Under the Housing Act it is "unlawful for any person or other entity whose business includes engaging in residential real estate-related transactions*fn7 to discriminate against any person in making available such a transaction, or in the terms or conditions of such a transaction, because of race..." (42 U.S.C. §3605(a)). As a matter of plain meaning, it is of course possible to engage in the setting of discriminatory "terms and conditions" in granting as well as in withholding credit.*fn8

Congress spoke even more clearly (if possible) in setting out the Credit Opportunity Act provision that a creditor*fn9 may not "discriminate against any applicant, with respect to any aspect of a credit transaction--on the basis of race" (15 U.S.C. §1691(a)(1)). If anything, "any aspect of a credit transaction" meshes even more plainly with a case involving the granting of credit than with one where credit was denied, even though most litigation under that section has arisen from the latter situation. Simply put, a race-based loan rejection is merely a sufficient (but not a necessary) form of discrimination under the statute (see JAT, Inc. v. Nat'l City Bank of the Midw., 460 F. Supp. 2d 812, 820 (E.D. Mich. 2006)).

Martinez' discrimination-based contention asserts that in conjunction with loans made to minority borrowers, Encore pays and Freedom accepts higher Premiums than in loans made to non-minority borrowers (¶20, 58, 63). Higher Premiums stem from higher interest rates for borrowers (relative to their actual risk). If higher Premiums are indeed paid on minority borrowers' loans then on comparable loans to their non-minority counterparts, that correlates with those minority borrowers having received loans on less favorable terms than their counterparts.

To be sure, Premiums are not inherently discriminatory. Lenders such as Encore provide brokers such as Freedom with rate sheets indicating what percentage of the total loan amount the broker will receive for inducing a borrower to accept an interest rate over the "par" rate. Lenders of course want to extend credit at as high an interest rate as possible. Premiums create the incentive for brokers, in an effort to obtain the highest possible commission, to induce borrowers to agree to the highest possible interest rate.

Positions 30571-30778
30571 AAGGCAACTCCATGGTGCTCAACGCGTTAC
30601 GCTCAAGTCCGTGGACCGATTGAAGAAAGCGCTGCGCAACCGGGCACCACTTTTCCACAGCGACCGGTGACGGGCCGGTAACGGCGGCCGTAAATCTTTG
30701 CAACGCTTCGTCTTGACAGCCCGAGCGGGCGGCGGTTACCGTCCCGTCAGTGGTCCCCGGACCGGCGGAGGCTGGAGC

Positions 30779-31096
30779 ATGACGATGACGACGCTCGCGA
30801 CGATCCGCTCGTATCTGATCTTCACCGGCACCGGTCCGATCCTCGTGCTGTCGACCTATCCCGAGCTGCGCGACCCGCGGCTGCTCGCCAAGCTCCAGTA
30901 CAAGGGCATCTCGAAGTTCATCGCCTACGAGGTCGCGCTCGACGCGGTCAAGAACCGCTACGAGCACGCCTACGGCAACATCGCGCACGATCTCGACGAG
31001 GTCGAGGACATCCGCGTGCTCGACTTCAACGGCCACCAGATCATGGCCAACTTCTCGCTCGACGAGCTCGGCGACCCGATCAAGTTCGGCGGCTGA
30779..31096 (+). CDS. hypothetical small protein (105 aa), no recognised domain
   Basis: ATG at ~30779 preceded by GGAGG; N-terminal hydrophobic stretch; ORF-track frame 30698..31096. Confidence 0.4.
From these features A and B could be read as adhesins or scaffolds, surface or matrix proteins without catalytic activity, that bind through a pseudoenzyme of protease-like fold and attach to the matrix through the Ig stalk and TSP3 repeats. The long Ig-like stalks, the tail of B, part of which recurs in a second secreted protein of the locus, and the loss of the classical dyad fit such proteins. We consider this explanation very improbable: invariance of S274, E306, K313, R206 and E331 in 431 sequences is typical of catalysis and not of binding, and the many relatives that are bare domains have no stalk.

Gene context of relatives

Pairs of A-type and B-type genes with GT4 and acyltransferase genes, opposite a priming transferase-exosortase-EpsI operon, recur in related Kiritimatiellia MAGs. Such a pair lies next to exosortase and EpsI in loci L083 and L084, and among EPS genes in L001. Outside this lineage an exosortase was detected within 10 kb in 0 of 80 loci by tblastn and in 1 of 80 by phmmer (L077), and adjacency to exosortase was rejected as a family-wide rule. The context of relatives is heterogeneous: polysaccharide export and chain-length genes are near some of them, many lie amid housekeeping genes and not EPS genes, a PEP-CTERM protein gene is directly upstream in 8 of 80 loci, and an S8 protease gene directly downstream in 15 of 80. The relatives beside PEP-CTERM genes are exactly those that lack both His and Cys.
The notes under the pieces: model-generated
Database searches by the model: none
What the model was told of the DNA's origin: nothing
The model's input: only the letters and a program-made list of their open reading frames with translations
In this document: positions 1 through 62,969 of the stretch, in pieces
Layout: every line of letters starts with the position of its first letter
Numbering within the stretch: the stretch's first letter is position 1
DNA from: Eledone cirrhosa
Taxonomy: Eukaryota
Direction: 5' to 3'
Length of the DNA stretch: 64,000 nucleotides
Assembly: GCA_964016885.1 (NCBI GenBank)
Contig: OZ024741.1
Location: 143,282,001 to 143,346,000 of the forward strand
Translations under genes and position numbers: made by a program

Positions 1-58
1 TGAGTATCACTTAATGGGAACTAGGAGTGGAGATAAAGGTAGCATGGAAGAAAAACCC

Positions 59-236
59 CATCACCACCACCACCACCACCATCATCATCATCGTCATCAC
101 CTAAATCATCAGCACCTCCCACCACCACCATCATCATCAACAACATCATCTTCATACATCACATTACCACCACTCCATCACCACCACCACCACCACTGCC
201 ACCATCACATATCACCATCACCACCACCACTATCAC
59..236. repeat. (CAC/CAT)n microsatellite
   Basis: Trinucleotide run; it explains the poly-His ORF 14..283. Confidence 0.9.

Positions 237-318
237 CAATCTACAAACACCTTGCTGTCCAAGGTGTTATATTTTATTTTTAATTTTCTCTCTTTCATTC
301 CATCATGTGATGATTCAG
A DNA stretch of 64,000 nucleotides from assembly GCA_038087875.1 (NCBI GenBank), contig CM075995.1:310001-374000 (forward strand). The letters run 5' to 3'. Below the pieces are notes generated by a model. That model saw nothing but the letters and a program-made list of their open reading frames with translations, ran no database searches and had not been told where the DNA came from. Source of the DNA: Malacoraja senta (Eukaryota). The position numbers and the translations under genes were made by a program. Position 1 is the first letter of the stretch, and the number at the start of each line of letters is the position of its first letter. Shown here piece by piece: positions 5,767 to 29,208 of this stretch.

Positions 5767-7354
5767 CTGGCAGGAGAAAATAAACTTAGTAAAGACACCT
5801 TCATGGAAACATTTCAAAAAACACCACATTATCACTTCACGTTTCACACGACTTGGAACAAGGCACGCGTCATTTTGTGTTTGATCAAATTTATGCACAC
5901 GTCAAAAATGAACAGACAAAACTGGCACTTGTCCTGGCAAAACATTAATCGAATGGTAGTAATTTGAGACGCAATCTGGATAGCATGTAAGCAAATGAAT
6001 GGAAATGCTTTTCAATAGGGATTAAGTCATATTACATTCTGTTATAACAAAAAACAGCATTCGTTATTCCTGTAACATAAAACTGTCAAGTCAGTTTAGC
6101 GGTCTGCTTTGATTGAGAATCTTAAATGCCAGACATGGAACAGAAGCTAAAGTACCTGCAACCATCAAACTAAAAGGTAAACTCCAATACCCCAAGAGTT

Any lender will pay the same Premium to a broker regardless of whether the broker convinced a non-minority person or a member of a racial minority to accept an interest rate higher than that individual's "par" rate. But discrimination can creep into that otherwise permissible equation if the broker makes disproportionate attempts to pressure racial minorities into accepting interest rates above their "par" rates (or rates disproportionately higher than their "par" rates).

At the core of Martinez' Complaint is the assertion that when Freedom saw someone of Hispanic origin such as himself walk into its office to apply for a mortgage, Freedom pushed harder for that person to agree to a higher interest rate than it would have had that applicant been white. Martinez' claim that "[d]efendants, on average, subjected plaintiff and other minority borrowers to more frequent and/or larger Premiums due to their race" (¶20) is framed awkwardly, but its intended meaning is clear. Borrowers are not "subjected to" Premiums--Premiums are paid by lenders to brokers. If a broker talks a borrower into accepting a higher interest rate when he or she is qualified for a lower rate, that borrower is then "subjected to" the higher rate by the lender. Semantics notwithstanding, allegations of such conduct by Freedom properly plead actionable racial discrimination under both the Housing Act and Credit Opportunity Act.

In paying a Premium, a lender compares race-neutral factors (the borrower's "par" rate versus the actual interest rate accepted) in determining whether and to what extent to pay a Premium to the broker.*fn10 But Martinez further alleges that Encore (1) knew that offering Premiums was causing its brokers to act in a discriminatory manner (¶¶22, 26--27) and (2) targeted minorities for higher cost loans by purposefully utilizing brokers who served minority communities (¶¶27--29). While knowingly reaping the benefits of another's discrimination may not necessarily connote a discriminatory intent on the part of the reaper, a discriminatory effect (even absent any discriminatory intent) can constitute a violation of the Housing Act (Gomez v. Chody, 867 F.2d 395, 402 (7th Cir. 1989)). Furthermore, targeting racial minorities for higher cost loans sets out a discrimination-based theory of recovery under both the Housing Act and the Credit Opportunity Act.

Illinois Consumer Statute